Modified Lightning Cable Gives Hackers Access To Your Apple Devices

You’d think that you can safely rely on Apple’s Lightning cables to not only charge iPhones, iPads and iPods, but also to transfer files between them and a computer. But with recent revelations, you probably should be careful about the Lightning cable that you use. Vice reports that a security researcher called MG turned one into a hacking vector.


This is done by implanting additional components to the standard Lightning cable. The modifications are undetectable, and the modified cables – dubbed O.MG cables – are indistinguishable from the standard ones. Devices the cable is plugged into won’t be able to tell the difference either, until the hacker pulls the trigger.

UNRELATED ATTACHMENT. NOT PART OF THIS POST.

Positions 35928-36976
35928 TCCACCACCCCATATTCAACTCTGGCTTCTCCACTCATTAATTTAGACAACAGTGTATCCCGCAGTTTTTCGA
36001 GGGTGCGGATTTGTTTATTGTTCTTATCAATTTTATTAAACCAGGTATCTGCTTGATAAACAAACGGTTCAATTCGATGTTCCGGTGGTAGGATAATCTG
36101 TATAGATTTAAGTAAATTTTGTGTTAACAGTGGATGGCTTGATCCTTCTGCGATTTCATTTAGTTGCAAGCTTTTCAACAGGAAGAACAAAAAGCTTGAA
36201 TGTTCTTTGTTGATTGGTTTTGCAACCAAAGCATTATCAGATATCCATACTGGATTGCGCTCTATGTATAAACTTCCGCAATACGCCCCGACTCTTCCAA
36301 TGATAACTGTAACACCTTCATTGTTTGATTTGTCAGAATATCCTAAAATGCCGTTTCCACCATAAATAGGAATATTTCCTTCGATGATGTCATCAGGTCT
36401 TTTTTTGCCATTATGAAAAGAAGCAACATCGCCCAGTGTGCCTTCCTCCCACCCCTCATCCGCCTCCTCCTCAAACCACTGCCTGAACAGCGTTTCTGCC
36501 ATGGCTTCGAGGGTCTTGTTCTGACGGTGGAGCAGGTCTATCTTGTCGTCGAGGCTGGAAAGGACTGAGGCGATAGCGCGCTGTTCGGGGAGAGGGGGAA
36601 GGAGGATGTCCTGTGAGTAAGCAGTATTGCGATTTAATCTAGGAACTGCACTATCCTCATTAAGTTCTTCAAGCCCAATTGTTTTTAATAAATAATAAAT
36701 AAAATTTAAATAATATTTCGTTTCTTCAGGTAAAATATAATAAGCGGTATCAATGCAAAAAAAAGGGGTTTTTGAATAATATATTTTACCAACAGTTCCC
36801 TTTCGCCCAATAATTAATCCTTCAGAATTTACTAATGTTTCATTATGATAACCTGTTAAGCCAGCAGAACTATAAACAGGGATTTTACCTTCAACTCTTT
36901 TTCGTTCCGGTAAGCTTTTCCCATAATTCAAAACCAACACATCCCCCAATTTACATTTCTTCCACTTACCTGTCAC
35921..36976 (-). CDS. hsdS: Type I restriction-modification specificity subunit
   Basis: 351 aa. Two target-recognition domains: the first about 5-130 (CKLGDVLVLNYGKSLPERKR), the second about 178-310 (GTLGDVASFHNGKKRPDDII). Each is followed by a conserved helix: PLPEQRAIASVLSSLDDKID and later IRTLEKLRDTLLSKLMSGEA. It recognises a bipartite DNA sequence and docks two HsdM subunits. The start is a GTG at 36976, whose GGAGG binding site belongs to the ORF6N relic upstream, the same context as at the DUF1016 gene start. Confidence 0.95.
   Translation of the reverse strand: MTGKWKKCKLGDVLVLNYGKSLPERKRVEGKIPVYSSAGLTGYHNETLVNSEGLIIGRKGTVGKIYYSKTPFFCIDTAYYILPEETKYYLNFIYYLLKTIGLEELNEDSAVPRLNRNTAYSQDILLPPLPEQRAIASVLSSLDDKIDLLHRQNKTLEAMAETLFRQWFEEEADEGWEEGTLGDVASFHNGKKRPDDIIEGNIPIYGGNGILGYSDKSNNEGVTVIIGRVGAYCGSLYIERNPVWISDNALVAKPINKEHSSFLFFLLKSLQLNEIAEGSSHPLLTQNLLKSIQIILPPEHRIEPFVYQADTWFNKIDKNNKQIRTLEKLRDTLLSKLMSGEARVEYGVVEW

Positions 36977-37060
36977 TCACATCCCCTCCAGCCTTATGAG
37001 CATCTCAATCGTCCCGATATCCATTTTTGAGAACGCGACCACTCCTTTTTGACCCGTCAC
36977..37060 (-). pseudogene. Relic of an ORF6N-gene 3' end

OMG! 2 months + 8 devs + O•MG Cable = malicious wireless implant update!

This update brought to you by the chaos workshop elves: @d3d0c3d, @pry0cc, @clevernyyyy, @JoelSernaMoreno, @evanbooth, @noncetonic, @cnlohr, @RoganDawes

More info:

— _MG_ (@_MG_) April 12, 2019

MG demonstrated this by plugging an O.MG cable into an iPod and a Mac, with both exhibiting expected behaviour. He then types the IP address of the modified cable on his phone’s browser, and is then presented with a list of hacking options. One of these include opening a terminal on the connected Mac.

From this demonstration, the addition made to the Lightning cable made it emit its own WiFi hotspot. While a direct connection requires a hacker to be within about 90m of the cable, it could also be modified to act as a client for nearby wireless networks. This lets the hacker connect to the O.MG cable from just about anywhere in the world.

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(Source: MG via Vice)








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